executives were luckier than others. Langone will get half of the
total set aside for insiders.
In early November,
both Dillon Read and Wertheim signed confidentiality agreements
regarding information they had been given or were to receive. It
appears that Formica's board wasn't informed of this. Question:
Did management exceed its authority and misappropriate corporate
information to further its own interests?
Great American Realty bought First Allied's 9.9% block and said it
would buy up to 15% of Formica.
On Nov. 21, Vincent
Langone met with outside directors Stephen Bershad and T.J. Dermot
Dunphy, and discussed various plans he had for the company, including
an LBO. About a month after this, in late December, Langone finally
told Bershad exactly what was going on-that management and Saratoga
planned to acquire the company, and that they were consulting with
Kaufthal. Bershad contacted the other directors and, on Jan. 16,
Shearson was hired. A board meeting was scheduled for Feb. 3.
At the meeting,
Langone's group, using the name FM Acquisition Corp., offered to
acquire Formica for $18 a share in cash -- $2 less than the First
Allied offer that had been spurned "in the best interests of the
shareholders." Furthermore, the proposal specified that Langone's
group would receive $12 million if a higher offer were made. If the
agreement was terminated for any reason, the group would get up to an
additional $5.5 million for expenses. Finally, in what might be
viewed as something of a poker bluff, the bid was good only until 9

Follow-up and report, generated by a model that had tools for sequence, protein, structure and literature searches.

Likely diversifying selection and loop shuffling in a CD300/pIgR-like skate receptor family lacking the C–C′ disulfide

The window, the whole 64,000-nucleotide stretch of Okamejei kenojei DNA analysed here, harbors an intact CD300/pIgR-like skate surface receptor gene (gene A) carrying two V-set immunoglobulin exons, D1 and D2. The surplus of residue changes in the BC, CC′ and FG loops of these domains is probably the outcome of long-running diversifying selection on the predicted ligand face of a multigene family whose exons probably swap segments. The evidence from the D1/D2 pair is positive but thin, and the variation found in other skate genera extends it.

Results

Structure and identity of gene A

a.m. on Feb. 6 -- just three days away.
By the evening of
Feb. 5, a special committee of disinterested directors found it
couldn't recommend the proposal, owing to the "expenses"
reimbursable to the investor group. The group then revised its offer,
lowering its reimbursement and fees to $10.5 million (about what
Formica earned in 1987) if things fell through or a higher bid was
made. Shearson delivered an oral opinion-apparently, there wasn't
time to come up with a written one-pronouncing the deal fair, and
shortly after midnight, the board unanimously approved it. Despite
the hectic pace-the rush to judgment, the lack of a written opinion
and the late hour-the directors found time to approve "termination
agreements" for the management investors, so that if a "change in
control" knocked them out of the picture, they would receive three
times their salary and other pleasant benefits.
Largesse was spread
all around. Shearson will receive about $2.8 million in fees.
Wertheim Schroeder, Canadian Imperial Bank and Dillon Read will rake
in $18.5 million. Dillon's parent company, Travelers Insurance,
will tender its 8.5% stake in Formica, purchase bridge notes and
perhaps take a piece of the equity action in the LBO. Total fees and
transaction costs in this $266 million deal: $29 million.
At issue is not
whether management faced conflicts of interest. As the prospectus
blandly states, the opportunity to do an LBO on Formica "may have
presented the management investors with actual or potential conflicts
of interest…" The issue is whether management breached its
fiduciary duty. Some shareholders who think so have filed a